Maria Solomon: [00:13:05] Well, I tend to ring up Universal Credit with the client, with me as well, so they’re aware of what’s happening because like I say, they don’t get to see that additional needs tab. So at least they know they’re aware of what’s going on. And other times I might just put a note on the UC Journal, but I feel less confident with that because, you know. Faith will say that they would follow it up. But, you know, when you’re actually on the phone with someone, you can actually hear them typing it out and confirming you know, what it is. And another route I’ve done is via the escalation team for vulnerable clients.
David Stickland: [00:13:41] Great. Wonderful Maria. Thank you. So number two, Will, we’re definitely have time for that one. So I wonder what is your next one?
Will Hadwen: [00:13:54] Well, my next one is another practical issue. It’s just something that I’m seeing a lot. So it seems as if in advance of DWP changing the Work Capability Assessment, which they may do and we don’t know exactly how they’re going to change it. And the consultation is still open by the way, until the end of October. So not very long. But it seems that they are making harsher decisions. Now I don’t know if this is just me, but that’s the impression that I’ve got of getting more fit for work decisions. And more decisions where people get Limited Capability for Work when they should have Limited Capability for Work Related Activity. Okay. So, I’m getting a lot of queries about this. And one of those queries is can I have another Work Capability Assessment because this one wasn’t good enough? And the problem is if you are found fit for work, the rules say you can’t have a new Work Capability Assessment unless you have got worse. You’ve deteriorated, you’ve got a new condition, or there was a material fact that the DWP didn’t know about or made a mistake about. So for example, there was a condition that you had that they didn’t know about or there was treatment you were having didn’t know about. But material fact is quite a strong bar. And it’s got to be something that’s relevant to you getting Limited Capability for Work. So really you do need to challenge these decisions. And you need to make sure that you challenge them within a month or within 13 months with reasons and not think, oh, I’ll just have another bite at the cherry. If you’ve been found fit for work quite often, there is no other bite of the cherry.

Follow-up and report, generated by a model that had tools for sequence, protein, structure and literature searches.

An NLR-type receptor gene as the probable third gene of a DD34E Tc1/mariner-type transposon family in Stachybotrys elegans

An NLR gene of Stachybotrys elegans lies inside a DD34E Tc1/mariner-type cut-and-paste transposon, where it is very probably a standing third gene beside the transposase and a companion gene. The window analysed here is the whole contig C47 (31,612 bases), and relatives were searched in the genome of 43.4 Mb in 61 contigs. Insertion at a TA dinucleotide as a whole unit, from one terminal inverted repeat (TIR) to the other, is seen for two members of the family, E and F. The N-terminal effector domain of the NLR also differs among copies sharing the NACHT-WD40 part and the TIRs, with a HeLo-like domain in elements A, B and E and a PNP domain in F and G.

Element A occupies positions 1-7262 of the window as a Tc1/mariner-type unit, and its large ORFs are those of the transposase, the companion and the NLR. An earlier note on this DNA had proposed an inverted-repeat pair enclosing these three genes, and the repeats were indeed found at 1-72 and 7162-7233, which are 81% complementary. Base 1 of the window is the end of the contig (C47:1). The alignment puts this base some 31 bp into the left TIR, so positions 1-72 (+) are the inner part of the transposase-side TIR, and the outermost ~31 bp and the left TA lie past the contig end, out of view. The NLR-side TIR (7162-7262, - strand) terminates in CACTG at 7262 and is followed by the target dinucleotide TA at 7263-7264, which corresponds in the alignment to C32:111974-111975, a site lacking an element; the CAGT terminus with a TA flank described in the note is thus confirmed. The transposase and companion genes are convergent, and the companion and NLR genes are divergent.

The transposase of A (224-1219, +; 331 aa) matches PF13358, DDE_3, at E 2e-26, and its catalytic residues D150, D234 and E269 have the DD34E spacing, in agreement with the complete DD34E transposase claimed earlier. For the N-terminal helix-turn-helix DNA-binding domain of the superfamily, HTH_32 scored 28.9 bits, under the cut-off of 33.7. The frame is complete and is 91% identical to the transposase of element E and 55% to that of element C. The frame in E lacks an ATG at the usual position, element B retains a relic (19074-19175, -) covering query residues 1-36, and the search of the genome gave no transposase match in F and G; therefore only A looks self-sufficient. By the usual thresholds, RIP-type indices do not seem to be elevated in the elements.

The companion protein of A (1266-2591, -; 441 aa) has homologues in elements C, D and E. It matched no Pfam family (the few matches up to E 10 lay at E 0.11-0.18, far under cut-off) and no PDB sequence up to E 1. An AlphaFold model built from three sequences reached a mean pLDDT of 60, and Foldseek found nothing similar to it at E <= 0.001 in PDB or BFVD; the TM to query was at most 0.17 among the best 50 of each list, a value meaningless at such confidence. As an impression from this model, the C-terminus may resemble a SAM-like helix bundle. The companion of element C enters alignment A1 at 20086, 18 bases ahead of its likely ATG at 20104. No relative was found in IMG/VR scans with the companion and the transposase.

David Stickland: [00:15:33] And with that in mind, and in terms of timescales, we/you mentioned late challenges. Or if you’re not within the first month, it can still be done beyond the first month. So we’re not necessarily just thinking about that timescale.
Will Hadwen: [00:15:47] And I think again that’s something that, because the DWP don’t mention it in their decision letters, clients don’t realise and some advisers even don’t realise you do have 13 months if you’ve got reasons for lateness. And those reasons can include I couldn’t get support.
David Stickland: [00:16:05] Thank you, and beyond that, in terms of having another assessment done, you mentioned the material fact and that it’s a relatively high bar to clear. I guess it’s being able to identify something specific, right?
Will Hadwen: [00:16:22] I mean. Maybe. You might be able to identify something specific at a particularly bad assessor’s report, and you could see that the DWP had missed something that was in your other evidence. Maybe. But I’ve got to say that most of the time, if I am in a situation where I need to get a new assessment, I’m trying to get the client to think of some way in which they’ve got worse and get a doctor to say, this person has got worse.
David Stickland: [00:16:45] Great, thanks. So let me just try and summarize for those people that might be wondering exactly what to do in this situation. If possible, challenge the decision, preferably within a month. If not, have a go at doing it late. Many are successful. At the same time if it’s more than a month, certainly it’s worth considering whether there’s been a deterioration. They’ll need to be some kind of evidence for that, that would allow for another assessment to be done. But possibly also think about anything that may have been missed or if there was a mistake, like you say, around a material fact. There is four things basically there, isn’t there?